Historical discoveries made as 10,000 years of history unearthed along A12 Chelmsford to A120 widening scheme

A possible Romano-British settlement, Bronze Age cremations and a prehistoric millstone are among the early archaeological discoveries that National Highways has made while unearthing 10,000 years of human history along the A12 Chelmsford to A120 widening scheme in Essex.

As part of the proposed scheme, National Highways (formerly known as Highways England) excavated a series of archaeological trial trenches to learn more about what life was like in the area during early prehistoric period through to post medieval times. 

Over the last five months, National Highways team of over 80 archaeologists investigated an area of 1039 hectare – the equivalent of around 1,445 full sized football pitches. This involved excavating and surveying 2,117 trial trenches.

Trial trenching is a method of archaeological evaluation used to characterise and determine the archaeological potential of a site. A mechanical excavator is used to trenches to expose archaeological features deposits and any archaeology encountered is excavated by hand and recorded. The results of the trial trenching are used to inform any future stage of work.

Stephen Elderkin, National Highways Project Director, said: “The work we are doing along the A12 route aims to unearth archaeological sites and finds that will help shape our understanding of how life in Essex and beyond has developed through 10,000 years of human history. 

“A good, early understanding of the unique relationship between the improvement scheme and the surrounding historical environment will help us avoid any unexpected surprises and unnecessary delays once construction begins.

“This is all part of the work we’re doing to respect the area’s cultural heritage while we deliver the vital upgrade that will improve journeys for up to 90,000 people every day.”

The A12 Chelmsford to A120 widening scheme is located within a rich archaeological landscape, with evidence dating up to 10,000 years ago right through to the modern day. By analysing early historical records and digging more than 2000 trial trenches, the archaeological consultants and contractors for National Highways made some interesting finds:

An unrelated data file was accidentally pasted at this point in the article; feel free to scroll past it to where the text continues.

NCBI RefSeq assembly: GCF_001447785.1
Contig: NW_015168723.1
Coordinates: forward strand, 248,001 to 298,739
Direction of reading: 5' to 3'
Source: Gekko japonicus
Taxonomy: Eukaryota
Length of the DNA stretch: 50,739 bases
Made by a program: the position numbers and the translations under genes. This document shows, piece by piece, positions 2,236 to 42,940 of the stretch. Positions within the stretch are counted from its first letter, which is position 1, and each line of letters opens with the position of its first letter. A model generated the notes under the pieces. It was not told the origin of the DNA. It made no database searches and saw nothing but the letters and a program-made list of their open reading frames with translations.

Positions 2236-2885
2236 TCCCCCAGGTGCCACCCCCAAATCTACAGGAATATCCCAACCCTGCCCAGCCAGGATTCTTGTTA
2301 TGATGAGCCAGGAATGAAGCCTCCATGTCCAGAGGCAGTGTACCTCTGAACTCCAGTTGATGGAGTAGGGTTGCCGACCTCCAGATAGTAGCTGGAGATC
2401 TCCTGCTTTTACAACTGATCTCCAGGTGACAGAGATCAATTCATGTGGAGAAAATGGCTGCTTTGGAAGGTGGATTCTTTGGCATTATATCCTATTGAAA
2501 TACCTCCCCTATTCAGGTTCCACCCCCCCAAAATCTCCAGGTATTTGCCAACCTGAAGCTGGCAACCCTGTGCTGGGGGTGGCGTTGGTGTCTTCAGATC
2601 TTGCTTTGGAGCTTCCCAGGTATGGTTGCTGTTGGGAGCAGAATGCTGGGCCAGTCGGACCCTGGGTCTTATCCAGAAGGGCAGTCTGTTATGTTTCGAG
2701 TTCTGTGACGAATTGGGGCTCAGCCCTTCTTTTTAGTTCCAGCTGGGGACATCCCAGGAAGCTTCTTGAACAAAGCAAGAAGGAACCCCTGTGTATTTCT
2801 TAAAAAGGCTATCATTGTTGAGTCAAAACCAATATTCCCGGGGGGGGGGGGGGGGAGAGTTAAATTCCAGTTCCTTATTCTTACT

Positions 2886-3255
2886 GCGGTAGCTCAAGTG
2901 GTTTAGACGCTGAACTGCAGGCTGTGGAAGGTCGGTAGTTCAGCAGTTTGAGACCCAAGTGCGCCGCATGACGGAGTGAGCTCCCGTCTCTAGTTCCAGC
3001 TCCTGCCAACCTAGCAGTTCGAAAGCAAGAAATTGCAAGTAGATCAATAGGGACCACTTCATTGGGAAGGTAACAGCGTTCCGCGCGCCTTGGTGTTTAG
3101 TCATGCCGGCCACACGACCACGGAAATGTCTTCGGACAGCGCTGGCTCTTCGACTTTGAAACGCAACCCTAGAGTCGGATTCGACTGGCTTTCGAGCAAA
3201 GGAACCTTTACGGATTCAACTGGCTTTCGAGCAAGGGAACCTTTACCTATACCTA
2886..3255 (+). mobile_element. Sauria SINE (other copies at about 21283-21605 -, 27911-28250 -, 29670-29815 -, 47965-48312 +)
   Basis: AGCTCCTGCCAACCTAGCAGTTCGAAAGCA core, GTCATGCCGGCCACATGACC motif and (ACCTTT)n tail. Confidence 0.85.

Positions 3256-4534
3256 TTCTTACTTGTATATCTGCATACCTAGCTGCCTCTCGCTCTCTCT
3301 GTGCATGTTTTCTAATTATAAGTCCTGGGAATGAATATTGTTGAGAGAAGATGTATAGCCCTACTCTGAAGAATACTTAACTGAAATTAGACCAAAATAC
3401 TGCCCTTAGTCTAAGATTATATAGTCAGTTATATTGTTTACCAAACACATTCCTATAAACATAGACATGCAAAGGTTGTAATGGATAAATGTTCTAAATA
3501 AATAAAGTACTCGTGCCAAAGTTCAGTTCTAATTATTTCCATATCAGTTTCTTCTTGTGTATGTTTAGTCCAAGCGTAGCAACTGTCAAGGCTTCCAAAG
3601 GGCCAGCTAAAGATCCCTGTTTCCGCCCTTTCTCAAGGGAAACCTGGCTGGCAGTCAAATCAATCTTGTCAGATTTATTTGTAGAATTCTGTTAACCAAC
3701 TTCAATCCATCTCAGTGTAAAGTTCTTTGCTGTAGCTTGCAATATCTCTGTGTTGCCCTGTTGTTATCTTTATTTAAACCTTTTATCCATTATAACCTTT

Evidence of numerous ditches, refuse pits and postholes indicated a Romano-British settlement. 

Other Romano-British items identified included pottery, consistent with storage jars which would have been used to store wine, milk and vinegar.

‘Samian Ware’ was also found, a type of valuable tableware glazed to a bright red-brown glow and often decorated ornately with pastoral, mythological or pornographic themes.

Sites across the route revealed evidence of building materials including fired clay daub and the remains of both an ‘imbrex’, a raised Roman roofing tile, and a ‘tegulae’, a flat Roman roofing tile.

Recovery of animal bones, including the remains of horses, cows, sheep, goats and rabbits gives an insight into the ancient diets. There was also evidence of emmer, the main cereal grown and consumed in the Bronze and Iron Ages and an ancient millstone.

The archaeological evidence will be combined to produce a report, which will provide site-by-site information on the excavations and ultimately inform the next stages of archaeological work. These later stages may comprise bespoke packages of large-scale archaeological excavation ahead of the construction works or archaeological monitoring during the works themselves.

The A12 is a key economic route through Essex and Suffolk, connecting London with Ipswich and the Port of Felixstowe. The section between Chelmsford and Colchester carries high volumes of traffic, with up to 90,000 vehicles every day. Heavy goods vehicles are between 9% and 12% of the traffic on this section due to its important freight connection.

Upgrading the A12 between junctions 19 and 25 to three lanes will help with economic growth of the region and keep the country connected. The upgraded road will improve safety by connecting local roads via new junctions rather than turning directly onto the A12, and increase capacity, making journey times shorter and more reliable.

Once complete by the end of 2028, the improved A12 will reduce journey times by up to 12 minutes for the 90,000 drivers who use it daily.


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